With the March Morningstar updates, I am reviewing detailed reports of common managers who manage mutual funds held by many of our clients. I'm betting that I find 50 percent or more annual turnover rates in domestic and international stock funds, and a smaller but still significant level of turnover within bond funds. While we may hold a fund for a long time, within the fund, there is often plenty of movement, with the concept being to make sure the fund continues to meet its objectives. So what sometimes appears to be a passive buy-and-hold strategy really is not, with the notable exception of index funds, which are built to simply mirror the market.

We screen funds and managers, making long-term investment decisions, and adjust those holdings when tenure, expenses, performance or other factors warrant. Within the funds, active management, including buying and selling, is taking place every single day. It just is not immediately transparent to our clients. Some taxable clients may intuit this is going on when they receive their capital gain/loss 1099s, but probably most of these folks don't either.

At the core of our strategy is a long-term, buy-and-hold, low-cost commitment to indexing large- and mid-cap stocks. Our belief is that in most cases, with a few notable exceptions, there is little reason to trade mid-to-large companies, since they are widely followed and the markets are so efficient. But, in the case of smaller, international, bond and other mutual funds, our managers are very active in the markets everyday, working hard to achieve positive alpha, solid returns with acceptable risk, and 4- or 5-star Morningstar ratings. We hire and fire firms with the long-term big picture in mind. When an occasional fund crisis happens, we react swiftly and with certitude.

Plagued by a financial and banking crisis, a sea-change in political norms, and an uncertain global economy, I award high marks to UMB Scout, PIMCO, Dreyfus, Schwab, Sit, Oppenheimer, and other families and funds we own. We have stayed the course, continuing to keep long-term objectives in mind for our clients. I believe this to be a virtue of our system. If I didn't, I would change our "starting lineup" immediately.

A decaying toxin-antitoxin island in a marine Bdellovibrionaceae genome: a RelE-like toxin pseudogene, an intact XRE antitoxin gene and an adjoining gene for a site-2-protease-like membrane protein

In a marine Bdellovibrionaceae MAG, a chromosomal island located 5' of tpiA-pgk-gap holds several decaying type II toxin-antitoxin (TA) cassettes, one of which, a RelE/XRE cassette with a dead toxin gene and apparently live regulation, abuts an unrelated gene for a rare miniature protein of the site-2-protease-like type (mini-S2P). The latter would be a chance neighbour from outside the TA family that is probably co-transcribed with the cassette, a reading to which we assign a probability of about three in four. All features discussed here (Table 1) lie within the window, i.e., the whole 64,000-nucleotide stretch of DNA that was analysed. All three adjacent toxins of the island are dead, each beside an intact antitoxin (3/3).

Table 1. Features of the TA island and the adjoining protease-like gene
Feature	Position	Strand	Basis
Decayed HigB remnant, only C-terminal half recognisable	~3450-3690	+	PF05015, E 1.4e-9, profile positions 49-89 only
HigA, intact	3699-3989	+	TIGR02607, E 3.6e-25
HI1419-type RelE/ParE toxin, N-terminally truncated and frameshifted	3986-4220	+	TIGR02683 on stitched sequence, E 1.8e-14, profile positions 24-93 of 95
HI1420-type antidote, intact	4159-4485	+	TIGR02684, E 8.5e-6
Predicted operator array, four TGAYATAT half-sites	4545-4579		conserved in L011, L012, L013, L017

From Dan Danford, MBA, CRSP Principal/Chief Executive Officer:

In our marketplace, there is an urgent need for professional advisory services. But it's not totally performance-oriented. People tend to dismiss performance claims as rubbish, anyway (with good reason). Noted author Nick Murray says that more than 80 percent of financial success is behavioral. Saving, investing, and spending are at least four times as productive as choosing the "right" funds or (for that matter) CDs. His argument is that people usually make bad choices when left to their own devices, and those bad choices can't be offset by stellar investment performance. Human nature often responds to greed and fear, unless someone (us!) interrupts it.

We get paid for managing client money - but Murray would argue that our other services are far more valuable. This is a bad time to evaluate, but five or ten years from now, I'm betting that our clients still in the market today will be much better off than the few folks who liquidated, simply because many of those folks will never enter the markets again and, if they do, it will be long after the rally has started.

Now, a few people who got out of the market over the past year might argue that they are much better off today because they ignored our advice. And, that's true. But it's still the wrong measure because their overall financial success isn't properly determined over 2008-2009; it's measured over their entire lifetime. And, if we continue to believe what we have in the past, future bull markets will more than make up for this (horrendous) bear. But you have to be there to recover.

The challenge is to help our current and prospective clients weather this market and come out the other side ready for the future that they wanted. We want to help our clients continue towards their financial goals. We'd love feedback from you on how we can help you meet your goals. What would you like from us? How can we help? If it's a one-on-one consultation, that's why we're here.